Students should study music individually with a degreed and professionally trained music teacher who specializes in specific instruments. Students frequently seek private lessons as supplemental instruction, to the education they receive at their school, because students often fail to receive enough instructional time and individual attention when it comes to music instruction.

Music education degrees yield further professional opportunities for musicians who want to survive in the music profession. Public school teaching positions offer more professional benefits, however may unfortunately not offer the students the most comprehensive music education, due to the lack of personal attention and available time. Teachers who teach in a private school can offer students a great education, in an individual and group classroom environment, however may not necessarily receive all the professional benefits a public school teacher receives.

Many musicians still continue to find steady work performing, recording and touring. The reality for many though is trying to find steady work in similar fields of music with the hopes of receiving their break into the performance or recording world.  Musicians who are certified to teach in the public schools can still perform on a part-time basis and maybe even tour throughout the summer months when school is not in session. Musicians need more options and collegiate music students need to understand the realities early so they can benefit from obtaining a music education degree, not a performance degree.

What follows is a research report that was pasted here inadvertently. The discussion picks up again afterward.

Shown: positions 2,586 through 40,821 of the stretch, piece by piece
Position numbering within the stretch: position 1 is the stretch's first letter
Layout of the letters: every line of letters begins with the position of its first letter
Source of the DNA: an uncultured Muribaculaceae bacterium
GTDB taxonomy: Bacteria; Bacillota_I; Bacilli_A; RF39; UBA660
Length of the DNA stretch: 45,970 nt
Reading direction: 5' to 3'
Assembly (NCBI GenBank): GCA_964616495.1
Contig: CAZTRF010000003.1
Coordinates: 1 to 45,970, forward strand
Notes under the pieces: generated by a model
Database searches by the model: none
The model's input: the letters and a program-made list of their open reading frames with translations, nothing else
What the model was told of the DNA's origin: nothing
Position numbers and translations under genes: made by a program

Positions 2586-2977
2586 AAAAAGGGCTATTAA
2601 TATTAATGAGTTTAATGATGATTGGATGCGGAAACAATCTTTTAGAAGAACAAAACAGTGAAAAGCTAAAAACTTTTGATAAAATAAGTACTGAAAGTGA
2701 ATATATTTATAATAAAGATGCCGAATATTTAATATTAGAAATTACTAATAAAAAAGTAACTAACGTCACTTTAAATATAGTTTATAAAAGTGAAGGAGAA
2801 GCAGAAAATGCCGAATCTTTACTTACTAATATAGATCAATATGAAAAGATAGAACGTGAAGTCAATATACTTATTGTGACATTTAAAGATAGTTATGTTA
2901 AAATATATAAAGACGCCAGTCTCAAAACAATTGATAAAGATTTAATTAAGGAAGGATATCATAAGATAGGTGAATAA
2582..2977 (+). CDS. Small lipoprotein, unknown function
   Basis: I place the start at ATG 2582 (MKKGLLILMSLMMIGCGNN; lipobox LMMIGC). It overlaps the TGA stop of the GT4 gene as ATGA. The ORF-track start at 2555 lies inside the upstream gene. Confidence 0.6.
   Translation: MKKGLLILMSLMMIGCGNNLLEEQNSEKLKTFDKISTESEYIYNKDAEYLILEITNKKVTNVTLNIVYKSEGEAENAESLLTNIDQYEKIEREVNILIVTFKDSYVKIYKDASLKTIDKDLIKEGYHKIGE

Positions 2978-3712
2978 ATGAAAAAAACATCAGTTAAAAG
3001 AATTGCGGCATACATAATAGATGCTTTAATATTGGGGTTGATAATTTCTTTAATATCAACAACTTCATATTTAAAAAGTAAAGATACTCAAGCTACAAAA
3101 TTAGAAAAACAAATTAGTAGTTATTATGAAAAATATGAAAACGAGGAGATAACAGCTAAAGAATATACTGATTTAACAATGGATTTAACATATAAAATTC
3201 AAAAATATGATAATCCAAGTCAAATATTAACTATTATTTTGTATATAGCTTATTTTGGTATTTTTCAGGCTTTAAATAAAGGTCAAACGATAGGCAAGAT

Brandon Kurzawa, music educator and performer in New Jersey, teaches music, specializing in percussion, piano and guitar, to students of all ages via Music Notes Academy, a music school he founded in 2000. A member of Percussive Arts Society (PAS), NJ Music Educator’s Association (NJMEA), The National Association for Music Education (MENC) and an educational contributor and endorsee for Vic Firth, Inc., the world’s largest manufacturer of drumsticks and mallets, Mr. Kurzawa has a Bachelor of Arts in Music Performance and a Masters of Arts in Education, specializing in Curriculum and Instruction, Computer Education. Brandon’s recent session work includes drums and percussion on John Sonntag’s critically acclaimed 2006 release, Chasing Stars, which was recently voted number four in NJ’s Top Ten Releases for 2006. Brandon has also worked with Amanda Avila, Ansel Matthews and Anthony Krizan. In 2007, Brandon was recognized by Metropolitan Who’s Who for outstanding leadership, achievement and excellence in music education. For more information visit www.musicnotesacademy.com and www.brandonkurzawa.com.